PWC | https://paperswithcode.com/paper/limitations-of-lazy-training-of-two-layers |

Repo | https://github.com/bGhorbani/Lazy-Training-Neural-Nets |

Framework | tf |

#### Declarative Question Answering over Knowledge Bases containing Natural Language Text with Answer Set Programming

Title | Declarative Question Answering over Knowledge Bases containing Natural Language Text with Answer Set Programming |

Authors | Arindam Mitra, Peter Clark, Oyvind Tafjord, Chitta Baral |

Abstract | While in recent years machine learning (ML) based approaches have been the popular approach in developing end-to-end question answering systems, such systems often struggle when additional knowledge is needed to correctly answer the questions. Proposed alternatives involve translating the question and the natural language text to a logical representation and then use logical reasoning. However, this alternative falters when the size of the text gets bigger. To address this we propose an approach that does logical reasoning over premises written in natural language text. The proposed method uses recent features of Answer Set Programming (ASP) to call external NLP modules (which may be based on ML) which perform simple textual entailment. To test our approach we develop a corpus based on the life cycle questions and showed that Our system achieves up to $18%$ performance gain when compared to standard MCQ solvers. |

Tasks | Natural Language Inference, Question Answering |

Published | 2019-05-01 |

URL | http://arxiv.org/abs/1905.00198v1 |

http://arxiv.org/pdf/1905.00198v1.pdf | |

PWC | https://paperswithcode.com/paper/declarative-question-answering-over-knowledge |

Repo | https://github.com/OpenSourceAI/sota_server |

Framework | none |

#### Self-Supervised Monocular Depth Hints

Title | Self-Supervised Monocular Depth Hints |

Authors | Jamie Watson, Michael Firman, Gabriel J. Brostow, Daniyar Turmukhambetov |

Abstract | Monocular depth estimators can be trained with various forms of self-supervision from binocular-stereo data to circumvent the need for high-quality laser scans or other ground-truth data. The disadvantage, however, is that the photometric reprojection losses used with self-supervised learning typically have multiple local minima. These plausible-looking alternatives to ground truth can restrict what a regression network learns, causing it to predict depth maps of limited quality. As one prominent example, depth discontinuities around thin structures are often incorrectly estimated by current state-of-the-art methods. Here, we study the problem of ambiguous reprojections in depth prediction from stereo-based self-supervision, and introduce Depth Hints to alleviate their effects. Depth Hints are complementary depth suggestions obtained from simple off-the-shelf stereo algorithms. These hints enhance an existing photometric loss function, and are used to guide a network to learn better weights. They require no additional data, and are assumed to be right only sometimes. We show that using our Depth Hints gives a substantial boost when training several leading self-supervised-from-stereo models, not just our own. Further, combined with other good practices, we produce state-of-the-art depth predictions on the KITTI benchmark. |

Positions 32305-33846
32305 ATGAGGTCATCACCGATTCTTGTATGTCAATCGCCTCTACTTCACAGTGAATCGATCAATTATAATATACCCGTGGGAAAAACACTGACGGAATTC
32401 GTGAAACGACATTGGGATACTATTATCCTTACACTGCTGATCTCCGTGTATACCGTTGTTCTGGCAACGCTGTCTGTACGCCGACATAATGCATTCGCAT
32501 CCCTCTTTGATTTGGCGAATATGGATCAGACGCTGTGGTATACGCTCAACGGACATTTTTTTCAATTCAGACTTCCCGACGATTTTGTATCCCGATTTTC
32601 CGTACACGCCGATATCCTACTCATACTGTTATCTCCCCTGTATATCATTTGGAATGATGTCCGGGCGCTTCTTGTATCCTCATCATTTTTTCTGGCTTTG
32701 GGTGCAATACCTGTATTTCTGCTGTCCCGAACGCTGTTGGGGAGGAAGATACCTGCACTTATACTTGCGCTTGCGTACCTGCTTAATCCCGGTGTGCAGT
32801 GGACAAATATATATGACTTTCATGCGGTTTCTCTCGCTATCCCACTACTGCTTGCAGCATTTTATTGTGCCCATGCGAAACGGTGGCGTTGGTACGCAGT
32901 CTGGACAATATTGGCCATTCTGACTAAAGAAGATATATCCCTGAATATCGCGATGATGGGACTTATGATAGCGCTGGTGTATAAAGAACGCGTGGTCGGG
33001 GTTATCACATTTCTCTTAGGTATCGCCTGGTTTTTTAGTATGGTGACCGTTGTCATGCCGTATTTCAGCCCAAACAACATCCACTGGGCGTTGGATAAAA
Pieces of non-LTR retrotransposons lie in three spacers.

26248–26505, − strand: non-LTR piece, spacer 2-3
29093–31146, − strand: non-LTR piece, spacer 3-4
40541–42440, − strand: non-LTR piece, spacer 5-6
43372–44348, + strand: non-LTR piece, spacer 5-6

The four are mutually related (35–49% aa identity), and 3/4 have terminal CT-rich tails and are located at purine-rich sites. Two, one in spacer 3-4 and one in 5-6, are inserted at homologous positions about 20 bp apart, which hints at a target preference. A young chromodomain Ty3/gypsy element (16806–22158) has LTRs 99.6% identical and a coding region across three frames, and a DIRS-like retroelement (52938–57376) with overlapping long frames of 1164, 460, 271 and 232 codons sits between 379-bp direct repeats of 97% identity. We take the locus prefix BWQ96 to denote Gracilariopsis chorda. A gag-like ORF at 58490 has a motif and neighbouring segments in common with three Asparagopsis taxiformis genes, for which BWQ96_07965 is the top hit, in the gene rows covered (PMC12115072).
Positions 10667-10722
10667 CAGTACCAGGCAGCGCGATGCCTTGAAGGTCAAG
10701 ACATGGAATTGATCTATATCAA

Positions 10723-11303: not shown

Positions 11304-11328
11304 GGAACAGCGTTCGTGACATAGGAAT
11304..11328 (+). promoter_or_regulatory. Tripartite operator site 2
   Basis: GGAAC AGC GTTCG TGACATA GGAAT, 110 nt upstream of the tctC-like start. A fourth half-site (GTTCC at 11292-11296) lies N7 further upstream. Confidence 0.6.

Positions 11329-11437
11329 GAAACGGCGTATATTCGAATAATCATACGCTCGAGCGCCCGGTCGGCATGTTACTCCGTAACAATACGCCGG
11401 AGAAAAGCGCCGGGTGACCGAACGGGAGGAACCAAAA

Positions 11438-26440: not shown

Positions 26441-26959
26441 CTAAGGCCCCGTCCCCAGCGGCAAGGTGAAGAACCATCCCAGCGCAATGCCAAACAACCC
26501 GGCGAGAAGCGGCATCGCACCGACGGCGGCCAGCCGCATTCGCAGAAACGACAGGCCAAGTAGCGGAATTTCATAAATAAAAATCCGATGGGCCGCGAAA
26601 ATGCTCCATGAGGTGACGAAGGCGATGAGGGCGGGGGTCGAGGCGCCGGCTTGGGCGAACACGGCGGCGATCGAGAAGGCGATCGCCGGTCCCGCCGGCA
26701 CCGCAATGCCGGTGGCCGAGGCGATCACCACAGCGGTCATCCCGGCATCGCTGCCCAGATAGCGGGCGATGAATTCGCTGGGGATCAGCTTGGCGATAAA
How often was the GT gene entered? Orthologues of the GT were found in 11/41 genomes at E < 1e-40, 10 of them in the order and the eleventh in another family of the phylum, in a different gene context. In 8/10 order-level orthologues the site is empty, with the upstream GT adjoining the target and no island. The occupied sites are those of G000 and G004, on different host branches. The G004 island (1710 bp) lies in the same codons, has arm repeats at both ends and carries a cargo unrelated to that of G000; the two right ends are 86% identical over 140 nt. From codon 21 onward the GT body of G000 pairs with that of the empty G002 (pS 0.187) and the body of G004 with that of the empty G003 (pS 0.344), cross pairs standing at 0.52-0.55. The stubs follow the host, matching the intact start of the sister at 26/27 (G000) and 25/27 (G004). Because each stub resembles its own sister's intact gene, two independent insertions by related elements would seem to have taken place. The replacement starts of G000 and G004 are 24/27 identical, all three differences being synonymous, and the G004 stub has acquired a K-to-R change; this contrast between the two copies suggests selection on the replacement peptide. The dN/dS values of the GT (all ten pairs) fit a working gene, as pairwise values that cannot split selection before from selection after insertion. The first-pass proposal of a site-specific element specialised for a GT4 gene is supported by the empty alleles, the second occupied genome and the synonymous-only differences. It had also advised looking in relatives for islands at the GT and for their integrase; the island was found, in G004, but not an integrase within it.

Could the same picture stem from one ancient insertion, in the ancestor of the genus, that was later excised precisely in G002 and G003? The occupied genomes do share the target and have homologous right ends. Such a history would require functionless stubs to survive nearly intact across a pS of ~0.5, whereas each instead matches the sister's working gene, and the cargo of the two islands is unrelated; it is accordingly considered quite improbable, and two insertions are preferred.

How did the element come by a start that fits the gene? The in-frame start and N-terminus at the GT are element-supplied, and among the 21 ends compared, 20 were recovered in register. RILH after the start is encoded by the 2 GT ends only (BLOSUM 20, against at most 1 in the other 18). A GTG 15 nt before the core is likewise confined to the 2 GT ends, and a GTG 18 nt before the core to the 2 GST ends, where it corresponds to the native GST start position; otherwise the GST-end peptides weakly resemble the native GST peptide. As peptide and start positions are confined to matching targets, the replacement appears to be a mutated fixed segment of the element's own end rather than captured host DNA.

Tasks | Depth Estimation, Monocular Depth Estimation |

Published | 2019-09-19 |

URL | https://arxiv.org/abs/1909.09051v1 |

https://arxiv.org/pdf/1909.09051v1.pdf | |

PWC | https://paperswithcode.com/paper/self-supervised-monocular-depth-hints |

Repo | https://github.com/nianticlabs/depth-hints |

Framework | none |

#### Learn Stereo, Infer Mono: Siamese Networks for Self-Supervised, Monocular, Depth Estimation

Title | Learn Stereo, Infer Mono: Siamese Networks for Self-Supervised, Monocular, Depth Estimation |

Authors | Matan Goldman, Tal Hassner, Shai Avidan |

Abstract | The field of self-supervised monocular depth estimation has seen huge advancements in recent years. Most methods assume stereo data is available during training but usually under-utilize it and only treat it as a reference signal. We propose a novel self-supervised approach which uses both left and right images equally during training, but can still be used with a single input image at test time, for monocular depth estimation. Our Siamese network architecture consists of two, twin networks, each learns to predict a disparity map from a single image. At test time, however, only one of these networks is used in order to infer depth. We show state-of-the-art results on the standard KITTI Eigen split benchmark as well as being the highest scoring self-supervised method on the new KITTI single view benchmark. To demonstrate the ability of our method to generalize to new data sets, we further provide results on the Make3D benchmark, which was not used during training. |

Tasks | Depth Estimation, Monocular Depth Estimation |

Published | 2019-05-01 |

URL | http://arxiv.org/abs/1905.00401v1 |

http://arxiv.org/pdf/1905.00401v1.pdf | |

PWC | https://paperswithcode.com/paper/learn-stereo-infer-mono-siamese-networks-for |

Repo | https://github.com/mtngld/lsim |

Framework | tf |